Republic of the Philippines
G.R. No. L-11269             February 28, 1958
SILVERIO FELICES, plaintiff-appellee,
MAMERTO IRIOLA, defendant-appellant.
Ezekiel S. Grageda for appellant.
Reyes & Dy-Liaco for appellee.
REYES, J.B.L., J.:
Originally brought to the Court of Appeals, this appeal was certified to us by that Court on the ground that it does not raise any genuine issue of fact.
It appears that plaintiff and appellee Silverio Fences was the grantee of a homestead of over eight hectares located in barrio Curry, Municipality of Pili, Province of Camarines Sur, under Homestead Patent No. V-2117 dated January 26, 1949, and by virtue of which he was issued Original Certificate of Title No. 104 over said property. The month following the issuance of his patent, on February 24, 1949, appellee conveyed in conditional sale to defendant and appellant Mamerto Iriola a portion of his homestead of more than four hectares, for the consideration of P1,700. The conveyance (Exh. 1) expressly stipulates that the sale was subject to the provisions of Sec. 119 of Act 141, as amended, and to the prohibitions spread on the vendor's patent; and that after the lapse of five years or as soon as may be allowed by law, the vendor or his successors would execute in vendee's favor a deed of absolute sale over the land in question.
Two years after the sale, on April 19, 1951, appellee tried to recover the land in question from appellant, but the latter refused to allow it unless he was paid the amount of P2,000 as the alleged value of improvements he had introduced on the property. In view of appellant's persistent refusal, plaintiff deposited the received price in court and filed this action on October 4, 1951.
In the court below, appellant, while recognizing appellee's right to "redeem", insisted that he must first be reimbursed, the value of his improvements. Whereupon, the court appointed a commissioner to ascertain the nature and value of the alleged improvements, and thereafter found that said improvements were made by defendant either after plaintiff had informed him of his intention to recover the land, or after the complaint had been filed; some of the improvements were even introduced after a commissioner had already been appointed to appraise their value. Wherefore, the lower court held defendant in bad faith and not entitled to reimbursement for his improvements. Defendant was, likewise, ordered to accept the amount of P1,700 deposited by plaintiff in court, to execute in favor of the latter the corresponding deed of reconveyance, and to restore him in possession of the land in question.
At the outset, it must be made clear that as the sale in question was executed by the parties within the five-year prohibitive period under section 118 of the Public Land Law, the same is absolutely null and void and ineffective from its inception. Consequently, appellee never lost his title or ownership over the land in question, and there was no need either for him to repurchase the same from appellant, or for the latter to execute a deed of reconveyance in his favor. The case is actually for mutual restitution, incident to the nullity ab initio of the conveyance. .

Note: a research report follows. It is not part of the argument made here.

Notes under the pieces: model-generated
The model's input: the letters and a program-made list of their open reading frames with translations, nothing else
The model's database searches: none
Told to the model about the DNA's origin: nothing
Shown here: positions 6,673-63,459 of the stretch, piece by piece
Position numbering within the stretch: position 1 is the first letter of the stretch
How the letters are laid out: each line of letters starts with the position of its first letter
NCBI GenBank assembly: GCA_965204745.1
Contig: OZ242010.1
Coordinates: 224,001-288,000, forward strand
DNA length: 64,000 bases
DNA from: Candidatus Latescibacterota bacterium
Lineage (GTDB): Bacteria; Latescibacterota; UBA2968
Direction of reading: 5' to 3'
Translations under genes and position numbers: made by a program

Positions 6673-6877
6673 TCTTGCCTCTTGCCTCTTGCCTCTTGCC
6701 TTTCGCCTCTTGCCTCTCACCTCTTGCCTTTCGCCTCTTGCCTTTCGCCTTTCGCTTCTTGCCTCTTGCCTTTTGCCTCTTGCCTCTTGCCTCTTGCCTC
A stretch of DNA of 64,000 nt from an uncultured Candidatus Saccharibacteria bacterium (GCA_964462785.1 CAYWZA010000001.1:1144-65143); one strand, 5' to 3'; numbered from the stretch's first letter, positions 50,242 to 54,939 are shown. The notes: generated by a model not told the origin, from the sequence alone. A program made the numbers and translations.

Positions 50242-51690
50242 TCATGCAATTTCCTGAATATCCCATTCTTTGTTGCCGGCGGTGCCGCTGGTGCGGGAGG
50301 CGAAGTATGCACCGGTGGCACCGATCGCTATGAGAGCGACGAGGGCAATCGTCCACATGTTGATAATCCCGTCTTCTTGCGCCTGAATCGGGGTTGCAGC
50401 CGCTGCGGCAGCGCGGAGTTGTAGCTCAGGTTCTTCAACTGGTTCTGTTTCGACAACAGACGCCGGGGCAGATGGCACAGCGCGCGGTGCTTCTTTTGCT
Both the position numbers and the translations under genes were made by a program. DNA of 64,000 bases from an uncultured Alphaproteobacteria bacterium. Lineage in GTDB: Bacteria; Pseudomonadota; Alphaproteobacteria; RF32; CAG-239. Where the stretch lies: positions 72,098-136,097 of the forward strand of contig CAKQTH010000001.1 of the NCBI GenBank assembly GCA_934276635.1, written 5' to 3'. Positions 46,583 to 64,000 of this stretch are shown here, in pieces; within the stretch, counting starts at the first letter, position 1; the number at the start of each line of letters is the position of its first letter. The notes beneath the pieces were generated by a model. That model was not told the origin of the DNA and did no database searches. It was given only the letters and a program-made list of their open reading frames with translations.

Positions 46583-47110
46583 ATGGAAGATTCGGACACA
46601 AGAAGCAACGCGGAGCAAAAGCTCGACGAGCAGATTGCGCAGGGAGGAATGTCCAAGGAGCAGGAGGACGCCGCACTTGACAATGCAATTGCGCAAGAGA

The question now is: May appellant recover or be reimbursed the value of his improvements on the land in question, on the theory that as both he and appellee knew that their sale was illegal and void, they were both in bad faith and consequently, Art. 453 of the Civil Code applies in that "the rights of one and the other shall be the same as though both had acted in good faith"?
The rule of Art. 453 of the Civil Code invoked by appellant1 can not be applied to the instant case for the reason that the lower court found, and appellant admits, that the improvements in question were made on the premises only after appellee had tried to recover the land in question from appellant, and even during the pendency of this action in the court below. After appellant had refused to restore the land to the appellee, to the extent that the latter even had to resort to the present action to recover his property, appellee could no longer be regarded as having impliedly assented or conformed to the improvements thereafter made by appellant on the premises. Upon the other hand, appellant, recognizing as he does appellee's right to get back his property, continued to act in bad faith when he made improvements on the land in question after he had already been asked extra-judicially and judicially, to surrender and return its possession to appellee; and as a penalty for such bad faith, he must forfeit his improvements without any right to reimbursement therefor. "He who builds, plants or sows in bad faith on the land of another, loses that is built, planted, or sown without right to indemnity" (Art. 449, New Civil Code).
Wherefore, the judgment appealed from is affirmed, with the sole modification that appellant need not execute a deed of reconveyance in appellee's favor, the original conveyance being hereby declared void ab initio. Costs against appellant Mamerto Iriola. So ordered.
Paras, C.J., Bengzon, Montemayor, Reyes, A., Bautista Angelo, Labrador, Concepcion, Endencia and Felix, JJ., concur.
1 ART. 453. If there was bad faith, not only on the part of the Person who built, planted or sowed on the land of another, but also on the part of the owner of such land, the rights of one and the other shall be the same as though both had acted in good faith.
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